Friday, December 01, 2006

So how bad is Iraq, really? Another brewing media scandal

Let us first set the table of confirmed recent media debacles:

The forged CBS Bush National Guard memos.

The non-existant Jenin massacre swallowed hook, line and sinker by every major news outlet in world.

Reuters publishing doctored and staged photographs during the Israeli-Hezbollah conflict this past summer.

Blogger Flopping Aces, in a post entitled Getting The News From The Enemy, has uncovered a major developing scandal in the coverage we see coming from Iraq. Read the whole series of examinations and fact-digging. I won’t go into huge detail, but here is a brief executive summary of what I’ve read so far.

The widely reported burning of four mosques never took place.

The same for six Muslim worshippers being dragged from a mosque and burned to death. Looks like it also is a fabrication.

The AP has often quoted a Capt. Jamil Hussein of the “of the al-Yarmouk police station” often as a source of atrocities. Funny thing, though, he only reports on Shiite on Sunni atrocities. CENTCOM has done some investigating; they confirm that he is neither a poli9ce officer nor is he employed by the Ministry of Interior.

It appears that the AP has been simply taking phone calls and filing stories without corroboration, and these stories become front-page news or evening TV leads. Their response:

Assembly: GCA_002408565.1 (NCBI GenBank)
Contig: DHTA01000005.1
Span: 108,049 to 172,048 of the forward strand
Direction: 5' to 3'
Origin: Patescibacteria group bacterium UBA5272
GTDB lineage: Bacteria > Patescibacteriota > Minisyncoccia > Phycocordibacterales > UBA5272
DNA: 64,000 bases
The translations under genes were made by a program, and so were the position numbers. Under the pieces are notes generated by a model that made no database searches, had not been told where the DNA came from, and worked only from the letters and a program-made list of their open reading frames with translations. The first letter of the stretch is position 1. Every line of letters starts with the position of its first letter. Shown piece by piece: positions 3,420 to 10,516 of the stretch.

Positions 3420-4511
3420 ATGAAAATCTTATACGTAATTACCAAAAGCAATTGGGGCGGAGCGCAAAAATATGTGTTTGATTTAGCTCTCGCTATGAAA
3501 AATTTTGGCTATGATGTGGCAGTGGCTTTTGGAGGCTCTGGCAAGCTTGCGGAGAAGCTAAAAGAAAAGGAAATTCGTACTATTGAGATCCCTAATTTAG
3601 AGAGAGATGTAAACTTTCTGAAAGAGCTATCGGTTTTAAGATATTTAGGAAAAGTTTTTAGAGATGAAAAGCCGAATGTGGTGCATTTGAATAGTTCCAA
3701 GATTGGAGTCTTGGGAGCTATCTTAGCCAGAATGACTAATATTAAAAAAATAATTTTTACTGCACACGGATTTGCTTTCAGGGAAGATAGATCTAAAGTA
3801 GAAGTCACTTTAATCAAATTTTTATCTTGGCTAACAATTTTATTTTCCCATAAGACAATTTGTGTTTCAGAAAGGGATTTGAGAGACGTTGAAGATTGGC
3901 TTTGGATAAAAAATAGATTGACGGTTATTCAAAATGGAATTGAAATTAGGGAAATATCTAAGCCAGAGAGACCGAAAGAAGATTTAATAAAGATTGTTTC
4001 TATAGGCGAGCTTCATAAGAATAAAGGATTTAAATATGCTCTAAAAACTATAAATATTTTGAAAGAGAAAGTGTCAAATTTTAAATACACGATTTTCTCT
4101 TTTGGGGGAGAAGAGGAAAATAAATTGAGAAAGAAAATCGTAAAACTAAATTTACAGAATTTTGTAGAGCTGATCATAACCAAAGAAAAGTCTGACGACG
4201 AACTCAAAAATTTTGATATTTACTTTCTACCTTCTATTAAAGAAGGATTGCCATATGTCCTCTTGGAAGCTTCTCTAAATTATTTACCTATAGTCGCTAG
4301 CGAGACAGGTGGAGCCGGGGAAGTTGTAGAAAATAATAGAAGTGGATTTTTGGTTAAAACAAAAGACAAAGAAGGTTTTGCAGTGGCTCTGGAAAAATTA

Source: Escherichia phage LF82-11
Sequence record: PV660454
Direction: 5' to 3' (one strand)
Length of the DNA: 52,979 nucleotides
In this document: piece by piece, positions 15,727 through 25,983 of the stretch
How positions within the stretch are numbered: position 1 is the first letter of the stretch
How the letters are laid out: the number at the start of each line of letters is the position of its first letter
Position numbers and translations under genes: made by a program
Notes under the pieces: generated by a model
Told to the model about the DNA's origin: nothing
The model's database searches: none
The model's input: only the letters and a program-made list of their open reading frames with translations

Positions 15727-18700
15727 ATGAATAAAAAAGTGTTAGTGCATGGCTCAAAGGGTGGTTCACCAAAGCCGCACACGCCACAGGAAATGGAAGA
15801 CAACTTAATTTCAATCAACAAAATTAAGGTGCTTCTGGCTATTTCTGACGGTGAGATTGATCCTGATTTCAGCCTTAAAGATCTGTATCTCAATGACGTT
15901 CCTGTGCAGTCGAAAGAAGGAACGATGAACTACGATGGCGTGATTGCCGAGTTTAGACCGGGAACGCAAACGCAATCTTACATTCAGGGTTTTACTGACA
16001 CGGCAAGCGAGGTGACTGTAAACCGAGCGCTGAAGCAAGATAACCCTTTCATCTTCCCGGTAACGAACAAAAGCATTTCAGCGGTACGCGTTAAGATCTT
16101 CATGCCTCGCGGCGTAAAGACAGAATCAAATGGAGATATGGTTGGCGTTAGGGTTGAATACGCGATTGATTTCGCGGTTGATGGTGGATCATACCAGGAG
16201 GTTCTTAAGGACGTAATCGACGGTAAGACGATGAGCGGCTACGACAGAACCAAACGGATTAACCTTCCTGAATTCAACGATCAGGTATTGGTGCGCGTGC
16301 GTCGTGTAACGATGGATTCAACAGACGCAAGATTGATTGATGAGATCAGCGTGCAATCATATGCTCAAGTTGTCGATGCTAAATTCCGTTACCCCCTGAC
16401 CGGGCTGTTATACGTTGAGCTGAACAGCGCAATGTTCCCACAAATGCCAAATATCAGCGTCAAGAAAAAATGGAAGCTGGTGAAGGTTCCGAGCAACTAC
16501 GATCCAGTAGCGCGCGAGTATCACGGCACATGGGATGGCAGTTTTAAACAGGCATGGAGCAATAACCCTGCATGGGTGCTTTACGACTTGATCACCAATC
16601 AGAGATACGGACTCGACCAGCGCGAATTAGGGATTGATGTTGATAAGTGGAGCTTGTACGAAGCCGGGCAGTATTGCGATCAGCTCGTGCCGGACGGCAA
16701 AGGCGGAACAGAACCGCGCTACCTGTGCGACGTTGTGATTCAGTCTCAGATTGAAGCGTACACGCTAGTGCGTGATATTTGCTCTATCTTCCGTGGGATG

"The attempt to question the existence of the known police officer who spoke to the AP is frankly ludicrous and hints at a certain level of desperation to dispute or suppress the facts of the incident in question…we have conducted a thorough review of the sourcing and reporting involved and plan to move a more detailed report about the entire incident soon, with greater detail provided by multiple eye witnesses…The police captain cited in our story has long been known to the AP reporters…"

Note that the basis for AP’s certainty remains a mystery, aside from him wearing the correct uniform and standing in a police office (which means nothing according to their own reporting of other stories involving fake police). The AP never says they confirmed his employment with any of his superiors. In other words, they give us no reason to believe them in the face of official investigations that reveal there is no such person employed in the capacity AP claims.

This is still developing, and the AP will likely continue to issue defenses, but it’s clear that what your seeing on your TV screen and read in the morning paper about Iraq may be where the real propaganda is.

It’s a huge story. Keep an eye on it.

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